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id give replacing the seal a shot and be 100% sure the valve cover can vent freely. may have just been a bad seal or it tore on startup. youll definately have a little excessive blowby untill the rings seat, but its best to get the engine under a full load sooner for short distances but without revving too high to seat the rings faster. theres really nowhere else for crankcase pressure to come from other than compression passing the rings... could the exhaust system be plugged up or badly restricted somewhere by chance?
 

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Discussion Starter · #7 ·
Yep, has to be blow-by that's causing this. Even with my newly rebuilt engine :-( I have replaced the exhaust with straight through mufflers and welded up with 2,5" pipes, so that should be completely open with no restrictions.

The guy at the shop that replaced the liners told me they never came out completely straight after pressing them in and that they usually drilled and honed them afterwards to make sure they got completely circular and straight. The Isuzu ones are very thin, already chrome plated and honed, so there is not much to do but to install them and hope they get reasonably straight... Mine came out a little off, a fraction of a mm but they told me it should be OK, just a little increased oil consumption on one or two cylinders. They are supposed to be good, rebuilding a lot of race engines and also heavy duty diesel engines. And as the block has to be heated, the liners cooled with dry ice and then pressed in with a bench press I decided not to take upon that task in my own tiny garage.

Now it's done and I think I'll have to live with it. Hopefully it will develop a tighter seal when properly run in!

In the meantime, would it be a good idea to remove the internals (ball-in-cage, diaphragm valve) of the valvecover and the just let it breathe through a catch can with suction from the air filter box? Go old school and just forget the "modern" PCV stuff?
 

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Discussion Starter · #8 ·
I just received a new rocker cover. It's definitely an Isuzu genuine, but a bit different from the one I have on the engine now. It seems to have two outlets. How are these two meant to be routed? Are they both in use on your engines?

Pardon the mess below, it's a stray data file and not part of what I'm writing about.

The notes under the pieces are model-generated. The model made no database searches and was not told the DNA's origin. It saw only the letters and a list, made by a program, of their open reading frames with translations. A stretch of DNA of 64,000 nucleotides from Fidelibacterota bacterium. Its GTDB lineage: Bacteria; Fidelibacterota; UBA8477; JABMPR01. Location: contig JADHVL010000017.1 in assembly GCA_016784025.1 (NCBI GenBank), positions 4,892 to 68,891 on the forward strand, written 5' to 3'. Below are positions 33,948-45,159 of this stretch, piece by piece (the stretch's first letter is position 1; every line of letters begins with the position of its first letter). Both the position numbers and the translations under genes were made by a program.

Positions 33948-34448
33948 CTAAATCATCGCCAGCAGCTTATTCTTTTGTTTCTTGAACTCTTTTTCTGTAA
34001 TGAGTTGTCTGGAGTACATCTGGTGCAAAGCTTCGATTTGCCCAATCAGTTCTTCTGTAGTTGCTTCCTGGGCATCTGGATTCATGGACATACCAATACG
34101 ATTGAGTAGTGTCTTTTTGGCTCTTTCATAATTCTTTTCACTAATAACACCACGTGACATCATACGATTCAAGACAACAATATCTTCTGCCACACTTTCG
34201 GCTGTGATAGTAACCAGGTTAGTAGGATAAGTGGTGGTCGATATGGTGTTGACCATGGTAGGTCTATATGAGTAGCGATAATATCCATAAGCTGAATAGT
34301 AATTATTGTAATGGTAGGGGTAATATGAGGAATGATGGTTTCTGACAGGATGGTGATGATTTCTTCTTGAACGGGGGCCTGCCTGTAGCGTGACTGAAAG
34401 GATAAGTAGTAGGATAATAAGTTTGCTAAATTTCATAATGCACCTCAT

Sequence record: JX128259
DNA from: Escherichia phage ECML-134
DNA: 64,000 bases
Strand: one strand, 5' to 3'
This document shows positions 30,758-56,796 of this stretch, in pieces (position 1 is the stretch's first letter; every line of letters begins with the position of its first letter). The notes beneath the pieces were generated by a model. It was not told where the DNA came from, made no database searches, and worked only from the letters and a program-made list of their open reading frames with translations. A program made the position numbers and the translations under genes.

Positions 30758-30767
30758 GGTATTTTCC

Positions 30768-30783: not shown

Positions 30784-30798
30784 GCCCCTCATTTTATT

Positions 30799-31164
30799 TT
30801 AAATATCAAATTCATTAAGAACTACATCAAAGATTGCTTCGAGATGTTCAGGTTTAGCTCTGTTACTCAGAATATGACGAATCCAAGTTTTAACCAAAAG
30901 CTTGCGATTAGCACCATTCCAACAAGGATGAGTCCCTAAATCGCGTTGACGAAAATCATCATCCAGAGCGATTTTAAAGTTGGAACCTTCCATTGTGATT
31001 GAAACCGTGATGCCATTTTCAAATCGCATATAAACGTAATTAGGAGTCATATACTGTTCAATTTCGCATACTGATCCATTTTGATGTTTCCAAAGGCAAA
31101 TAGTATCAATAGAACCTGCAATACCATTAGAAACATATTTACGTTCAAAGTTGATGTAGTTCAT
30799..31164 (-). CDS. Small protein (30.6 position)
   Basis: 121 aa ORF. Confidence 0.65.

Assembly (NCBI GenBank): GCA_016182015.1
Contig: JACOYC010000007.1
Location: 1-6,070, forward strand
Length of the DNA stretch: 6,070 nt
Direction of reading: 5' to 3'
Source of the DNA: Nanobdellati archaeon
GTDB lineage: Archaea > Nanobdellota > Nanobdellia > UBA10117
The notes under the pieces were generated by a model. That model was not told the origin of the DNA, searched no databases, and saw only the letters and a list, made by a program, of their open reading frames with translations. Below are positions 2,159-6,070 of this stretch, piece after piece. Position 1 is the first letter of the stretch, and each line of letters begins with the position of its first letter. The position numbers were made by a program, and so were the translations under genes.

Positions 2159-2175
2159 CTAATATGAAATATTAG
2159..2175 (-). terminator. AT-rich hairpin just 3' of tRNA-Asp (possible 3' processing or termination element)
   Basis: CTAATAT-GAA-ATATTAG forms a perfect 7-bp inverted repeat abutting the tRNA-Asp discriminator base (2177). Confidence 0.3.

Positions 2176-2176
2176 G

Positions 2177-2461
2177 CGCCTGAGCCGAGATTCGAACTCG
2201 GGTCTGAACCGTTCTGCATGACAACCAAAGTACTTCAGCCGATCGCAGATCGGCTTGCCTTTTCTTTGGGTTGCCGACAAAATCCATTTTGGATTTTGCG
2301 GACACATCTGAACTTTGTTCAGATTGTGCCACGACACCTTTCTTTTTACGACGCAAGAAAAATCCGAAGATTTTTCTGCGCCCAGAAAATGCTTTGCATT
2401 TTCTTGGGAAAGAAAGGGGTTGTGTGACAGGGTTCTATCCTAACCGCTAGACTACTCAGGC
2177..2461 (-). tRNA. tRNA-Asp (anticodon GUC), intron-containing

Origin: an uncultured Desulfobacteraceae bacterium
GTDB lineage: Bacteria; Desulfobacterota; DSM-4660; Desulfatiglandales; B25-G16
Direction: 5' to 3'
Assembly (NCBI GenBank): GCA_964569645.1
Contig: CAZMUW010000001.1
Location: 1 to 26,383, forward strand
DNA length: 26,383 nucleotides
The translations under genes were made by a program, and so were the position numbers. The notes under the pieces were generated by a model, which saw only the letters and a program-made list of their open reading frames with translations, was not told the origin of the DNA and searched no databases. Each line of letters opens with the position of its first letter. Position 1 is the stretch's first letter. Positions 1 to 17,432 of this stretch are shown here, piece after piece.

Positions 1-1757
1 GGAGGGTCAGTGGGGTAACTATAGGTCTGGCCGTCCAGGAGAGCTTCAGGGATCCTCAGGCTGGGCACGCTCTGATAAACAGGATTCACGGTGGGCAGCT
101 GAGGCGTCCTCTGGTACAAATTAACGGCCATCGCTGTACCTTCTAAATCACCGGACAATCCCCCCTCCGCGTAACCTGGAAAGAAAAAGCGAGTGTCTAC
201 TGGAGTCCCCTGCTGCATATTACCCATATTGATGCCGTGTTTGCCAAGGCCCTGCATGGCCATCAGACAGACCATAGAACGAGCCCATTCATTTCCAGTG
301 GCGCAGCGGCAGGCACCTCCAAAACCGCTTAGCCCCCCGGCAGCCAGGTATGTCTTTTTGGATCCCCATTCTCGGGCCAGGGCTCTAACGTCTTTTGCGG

Pics of the cover here:
http://db.tt/aF1JsqM
http://db.tt/kKFeqrk
 

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Discussion Starter · #9 ·
Result!

At least I think so... Took down the gearbox again this Sunday to replace the seal for the fourth time... Really took my time investigating a bit further this time and removed both the aluminium spacer and the steel backplate of the engine. Oil everywhere, but when the plate was off I noticed to small holes, on each side of where the sump pan meets the engine and the crankshaft bearing cap, see pictures below. I put an air hose down the dipstick tube and tried to inject some air into the crankcase to test and, wow! A fair breeze out of the two openings. No wonder I have been loosing oil....! I could actually see all the way into the crankcase. When the backplate is on these two openings are hidden and the oil seems to come from the shaft seal itself. The workshop manual describes how one should not use too much of the silicone sealant when sealing the sump, so I did. No place it is noted that one has to add liberal amounts where the rubber strip seals over the crankcase bearing caps meets the engine block. So much for me replacing all these oil seals, when it all along has been leaking directly from the sump/block connection...

I should really have had the engine out again to seal the sump properly this time, but I have no time for that now. So for the time it's bodged up with a thick smear of silicone sealant applied from the outside. I degreased properly with break cleaner first so hopefully this quick fix will stand and seal up for the summer vacation road trips.